International Affairs
Where does the current crisis come from, and can there be any political solution? Five world-renowned post-Sovietic geopolitics scholars and journalists respond in this Dossier derived from the recent Reset DOC roundtable: José Casanova, Andrea Graziosi, Nataliya Gumeniuk, Alexander Motyl and Frank Sysyn.
  • The terrorist murder of French professor Samuel Paty in the Paris suburb of Conflans-Sainte-Honorine in autumn 2020 has re-opened a heated debate concerning the liberty of teaching, freedom of expression, and the role of secularism in a pluralist society. What is the specific nature of French laïcité, and how has it changed over time since its juridical establishment in 1905? How does it compare with other Western approaches to secularism and, most critically, with Muslim perspectives on the matter? Why has this provoked a diplomatic dispute between France and Turkey, and more broadly the boycott of French products in many Muslim countries?
  • A week after the “re-inauguration” of Hagia Sophia as a mosque, diplomacies are still struggling to understand the full implications of the shocking and yet largely expected choice by Recep Tayyip Erdogan’s government. But beyond the radars of the international attention, the move and its internal welcoming confirm the uncontented grip he continues to have on Turkey, driving it towards an increasingly nationalist, anti-modern path. In this Dossier, we explore the rationale behind those choices, the implications for regional affairs, as well as those on religious pluralism worldwide. For policy-makers on both sides of the Atlantic, there is much to care about, and some dire practical recommendations to take into account.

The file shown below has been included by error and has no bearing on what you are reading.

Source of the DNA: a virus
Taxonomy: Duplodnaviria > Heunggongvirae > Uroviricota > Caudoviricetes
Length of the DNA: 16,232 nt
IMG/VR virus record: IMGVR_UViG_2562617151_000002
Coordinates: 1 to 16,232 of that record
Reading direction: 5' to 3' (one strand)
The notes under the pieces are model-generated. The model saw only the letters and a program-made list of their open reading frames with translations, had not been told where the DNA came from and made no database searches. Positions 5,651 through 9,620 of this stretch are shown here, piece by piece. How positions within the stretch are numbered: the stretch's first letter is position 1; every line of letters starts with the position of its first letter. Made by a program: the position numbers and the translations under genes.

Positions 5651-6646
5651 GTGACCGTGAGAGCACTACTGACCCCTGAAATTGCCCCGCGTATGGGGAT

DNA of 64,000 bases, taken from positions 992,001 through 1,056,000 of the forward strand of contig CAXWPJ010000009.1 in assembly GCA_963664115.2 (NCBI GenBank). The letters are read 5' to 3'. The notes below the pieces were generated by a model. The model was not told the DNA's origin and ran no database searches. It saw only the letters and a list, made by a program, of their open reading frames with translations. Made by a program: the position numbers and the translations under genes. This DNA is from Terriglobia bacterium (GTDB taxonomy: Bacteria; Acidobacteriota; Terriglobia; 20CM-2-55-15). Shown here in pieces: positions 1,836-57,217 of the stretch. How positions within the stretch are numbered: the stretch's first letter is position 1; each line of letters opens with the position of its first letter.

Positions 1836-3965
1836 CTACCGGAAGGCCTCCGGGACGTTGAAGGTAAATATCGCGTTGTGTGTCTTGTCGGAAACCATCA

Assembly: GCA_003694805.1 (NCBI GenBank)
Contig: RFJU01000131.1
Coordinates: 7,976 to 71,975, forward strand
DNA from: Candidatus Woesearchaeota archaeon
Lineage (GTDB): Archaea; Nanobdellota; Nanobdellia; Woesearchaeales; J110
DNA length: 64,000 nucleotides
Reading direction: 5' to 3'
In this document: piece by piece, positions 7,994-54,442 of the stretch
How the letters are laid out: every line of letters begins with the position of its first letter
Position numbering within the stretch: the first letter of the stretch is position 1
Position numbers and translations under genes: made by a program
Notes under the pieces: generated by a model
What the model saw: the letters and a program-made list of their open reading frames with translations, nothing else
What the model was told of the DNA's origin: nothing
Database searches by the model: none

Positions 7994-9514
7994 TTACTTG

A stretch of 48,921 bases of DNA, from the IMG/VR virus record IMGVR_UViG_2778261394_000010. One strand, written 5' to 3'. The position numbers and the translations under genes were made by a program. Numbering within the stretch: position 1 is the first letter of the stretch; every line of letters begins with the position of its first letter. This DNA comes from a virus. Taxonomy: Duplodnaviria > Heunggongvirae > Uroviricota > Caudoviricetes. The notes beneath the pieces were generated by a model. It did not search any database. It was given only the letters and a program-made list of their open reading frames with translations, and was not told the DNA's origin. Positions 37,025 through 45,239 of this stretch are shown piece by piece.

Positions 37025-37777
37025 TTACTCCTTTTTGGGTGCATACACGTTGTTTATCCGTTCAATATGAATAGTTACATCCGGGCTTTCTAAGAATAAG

• Some historical events do not stop releasing their powerful lessons even years or decades later. That is beyond doubt the case with the fall of the Berlin Wall, and the rest of the chain of events which marked the collapse of the Soviet system over 1989. Its significance for Europe, and for ourselves, still merits being investigated thirty years later. That is what this Dossier tries to do, with the accounts and reflections by Riccardo Cristiano, Simone Disegni, Marta Facchini, Siegmund Ginzberg, and Lorenzo Monfregola.
  • On 24 June 2018, both parliamentary and presidential elections were held in Turkey. With the elections, the constitutional amendments of 2017 came into force leading to a fundamental change in the nature of the political regime in Turkey towards even more authoritarian lines. Focusing on the last constitutional amendments and the recent elections, in this dossier, our contributors address a variety of issues that are critical to understanding different aspects of today’s Turkey.
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